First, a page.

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I have a simple setup with a diode laser and an object placed in front of it. I want to observe the edge's shadow clearly.

However, I get this very annoying effect of diffraction and interference around the edges of the object(see pic below)

Is there a way to reduce this effect? Spatial coherence is mandatory for my setup, but spectral/temporal isn't.

The two solutions I've thought of are:
(a) using a temporally incoherent source, like an arc lamp (which unfortunately won't be as spatially coherent as a laser) and
(b) somehow randomly scrambling the phase through the beam's section

I'm not good with optics though so I don't know if these will work or how to implement them.
Different approaches with regards to the light source are welcome.

edge diffraction razor

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    $\begingroup$ It is a pity that the diffraction pattern annoys you but it is due to the fact that light is behaving like a wave and therefore is not in the realm of geometrical optics which in theory should give you a sharp edge to the shadow. If you use a white light source then you may also be frustrated because there will be a visible penumbra unless the source is made very "small" or the incident light is parallel. $\endgroup$ – Farcher Nov 16 '18 at 10:23
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The diffraction can be greatly reduced by any of several methods. You haven't mentioned the objective of your experiment, so some of these might not be useful.

First method: You already suggested the first: reduce the temporal coherence of the source. For this, you can use an LED rather than a laser, but an LED typically has rather poor spatial coherence. Alternatively, you can put a rotating diffuser in the system which will reduce both spatial and temporal coherence. To get high spatial coherence from a very bright spatially incoherent source, focus it onto a pinhole. You're then trading brightness for spatial coherence.

Second method: Place a lens between the object and the screen to image the object on the screen. This will almost entirely eliminate the diffraction "ringing" around the edges of the image. A zoom lens will allow you to adjust the size of the image. I'm guessing this might work for you because you've said you need a spatially coherent source, which suggests you just want to obtain a "shadow" that amounts to an enlarged silhouette of the object.

Third method: Select your object to have optically "soft" edges rather than abrupt opaque-transparent transitions. This amounts to apodization. I'm guessing this won't serve your purpose.

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  • $\begingroup$ I disagree with 2nd method, or you have omitted something. I did try using a microscope with laser illumination and the interference noise is all over the image. The image pictured was already taken with a lens between the object and the (ccd) screen $\endgroup$ – Manu de Hanoi Nov 16 '18 at 19:54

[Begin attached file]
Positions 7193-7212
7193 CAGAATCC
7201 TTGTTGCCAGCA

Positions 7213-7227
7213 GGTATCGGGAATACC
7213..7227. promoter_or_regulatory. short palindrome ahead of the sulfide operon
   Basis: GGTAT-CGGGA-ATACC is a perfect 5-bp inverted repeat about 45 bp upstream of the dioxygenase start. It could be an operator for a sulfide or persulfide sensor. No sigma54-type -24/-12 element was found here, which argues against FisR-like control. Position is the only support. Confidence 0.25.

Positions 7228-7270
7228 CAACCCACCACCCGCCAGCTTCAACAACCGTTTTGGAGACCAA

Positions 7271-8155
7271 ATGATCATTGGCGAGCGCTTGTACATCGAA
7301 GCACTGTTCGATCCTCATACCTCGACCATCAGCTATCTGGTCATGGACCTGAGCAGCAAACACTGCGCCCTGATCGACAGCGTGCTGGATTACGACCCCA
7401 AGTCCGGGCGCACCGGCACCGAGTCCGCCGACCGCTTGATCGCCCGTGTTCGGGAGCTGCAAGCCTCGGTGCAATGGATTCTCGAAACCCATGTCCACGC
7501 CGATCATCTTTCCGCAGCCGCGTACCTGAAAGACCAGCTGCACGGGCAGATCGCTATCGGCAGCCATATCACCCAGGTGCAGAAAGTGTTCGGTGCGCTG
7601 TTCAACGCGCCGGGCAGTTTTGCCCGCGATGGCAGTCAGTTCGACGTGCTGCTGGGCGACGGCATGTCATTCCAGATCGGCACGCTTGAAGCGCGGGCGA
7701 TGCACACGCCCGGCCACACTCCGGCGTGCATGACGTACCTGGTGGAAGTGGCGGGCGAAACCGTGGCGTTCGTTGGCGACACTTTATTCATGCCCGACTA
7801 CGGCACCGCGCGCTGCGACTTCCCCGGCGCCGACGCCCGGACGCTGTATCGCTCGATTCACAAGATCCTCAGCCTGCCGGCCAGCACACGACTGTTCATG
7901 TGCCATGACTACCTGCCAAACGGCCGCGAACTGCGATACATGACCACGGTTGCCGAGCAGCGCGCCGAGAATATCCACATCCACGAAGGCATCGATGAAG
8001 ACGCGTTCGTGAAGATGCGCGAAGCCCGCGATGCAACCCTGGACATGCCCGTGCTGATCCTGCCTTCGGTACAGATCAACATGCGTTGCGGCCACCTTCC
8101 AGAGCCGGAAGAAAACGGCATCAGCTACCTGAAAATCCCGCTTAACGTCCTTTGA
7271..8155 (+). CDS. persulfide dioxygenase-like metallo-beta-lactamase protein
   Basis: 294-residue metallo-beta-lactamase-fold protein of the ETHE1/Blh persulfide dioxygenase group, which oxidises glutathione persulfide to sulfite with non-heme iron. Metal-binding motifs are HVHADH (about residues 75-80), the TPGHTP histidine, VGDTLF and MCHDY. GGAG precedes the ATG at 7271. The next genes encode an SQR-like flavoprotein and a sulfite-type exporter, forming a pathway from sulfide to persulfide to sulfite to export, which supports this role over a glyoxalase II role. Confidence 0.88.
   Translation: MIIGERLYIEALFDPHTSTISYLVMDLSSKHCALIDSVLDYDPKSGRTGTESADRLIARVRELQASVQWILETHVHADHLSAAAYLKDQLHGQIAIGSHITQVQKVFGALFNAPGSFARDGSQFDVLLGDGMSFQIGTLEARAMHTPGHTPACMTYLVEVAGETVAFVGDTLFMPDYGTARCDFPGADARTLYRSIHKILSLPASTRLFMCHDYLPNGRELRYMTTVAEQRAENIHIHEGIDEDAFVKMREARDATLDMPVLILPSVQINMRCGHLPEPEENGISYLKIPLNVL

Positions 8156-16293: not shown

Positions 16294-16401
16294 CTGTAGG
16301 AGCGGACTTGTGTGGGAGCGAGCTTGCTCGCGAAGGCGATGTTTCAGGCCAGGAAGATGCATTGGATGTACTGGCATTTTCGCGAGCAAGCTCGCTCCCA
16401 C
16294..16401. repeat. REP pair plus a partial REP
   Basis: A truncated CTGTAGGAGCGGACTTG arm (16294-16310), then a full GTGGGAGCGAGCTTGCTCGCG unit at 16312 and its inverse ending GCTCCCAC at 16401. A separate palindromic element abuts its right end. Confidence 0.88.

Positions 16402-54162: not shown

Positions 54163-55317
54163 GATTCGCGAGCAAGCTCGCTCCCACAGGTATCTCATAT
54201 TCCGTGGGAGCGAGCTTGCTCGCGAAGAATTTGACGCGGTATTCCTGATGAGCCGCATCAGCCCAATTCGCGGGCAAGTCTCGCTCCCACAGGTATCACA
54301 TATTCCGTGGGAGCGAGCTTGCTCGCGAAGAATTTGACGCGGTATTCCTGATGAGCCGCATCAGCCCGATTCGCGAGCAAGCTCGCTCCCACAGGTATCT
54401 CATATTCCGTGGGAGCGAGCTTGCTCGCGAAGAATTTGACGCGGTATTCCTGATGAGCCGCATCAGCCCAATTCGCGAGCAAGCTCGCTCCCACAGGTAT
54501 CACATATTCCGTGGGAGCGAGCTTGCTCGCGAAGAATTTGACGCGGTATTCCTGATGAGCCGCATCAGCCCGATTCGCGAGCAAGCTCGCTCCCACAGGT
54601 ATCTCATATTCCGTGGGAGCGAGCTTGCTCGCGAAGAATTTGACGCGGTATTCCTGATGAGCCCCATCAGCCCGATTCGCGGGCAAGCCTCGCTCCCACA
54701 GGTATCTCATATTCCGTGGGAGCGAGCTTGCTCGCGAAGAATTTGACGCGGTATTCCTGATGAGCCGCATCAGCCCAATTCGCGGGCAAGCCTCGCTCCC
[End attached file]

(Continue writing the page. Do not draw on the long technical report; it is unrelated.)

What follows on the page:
• $\begingroup$ If so, the lens was not positioned correctly to focus the image. Please see the Thin Lens equation: [hyperphysics.phy-astr.gsu.edu/hbase/geoopt/lenseq.html] Of course, if the lens is dirty there will be a lot of diffraction from the dirt. If the object is a razor blade and you want an image that is a few inches across, you probably need a lens a couple of inches wide. $\endgroup$ – S. McGrew Nov 16 '18 at 20:01
  • $\begingroup$ It seems like I'll just have to use classical optics (ie, a lens to project the object). However I'm disappointed that we don't have light sources with high spatial coherence and no temporal coherence. I suppose they would be very useful. $\endgroup$ – Vasilis Papadimitriou Nov 19 '18 at 12:26
  • $\begingroup$ Actually there are such sources. For example, a "white light" laser or a supercontinuum laser which emits a nearly continuous broadband spectrum. However, diffraction fringes form in the shadow even when the light source is temporally incoherent. If you let sunlight project through a tiny hole into a dark room, and put a straight edge in the beam, the shadow will have diffraction fringes. See [en.wikipedia.org/wiki/White_light_interferometry]. $\endgroup$ – S. McGrew Nov 19 '18 at 12:54
  • $\begingroup$ @S.McGrew You're right, I was confused, forgetting that a changing phase is equivalent to a broad spectrum emission (with Fourier analysis etc). However I still don't get why you'd get fringes if you have an arrangement with ie a point source that emits monochromatic light with a different, random phase per unit of angle (ie phase is 35° at dead center, 44° at 1° right, 87° at 2° right etc). Shouldn't the secondary (diffraction) sources be in sync with the incoming wave, hence cancelling out? Or am I missing something? $\endgroup$ – Vasilis Papadimitriou Nov 20 '18 at 23:08
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You can reduce wavelength (blue laser) so that the diffraction pattern will shrink

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Vibration of the object may help, you would need to get a time averaged measurement. Or can you do a mathematical correction based on observing the maxima and using a formula similar to single slit diffraction.

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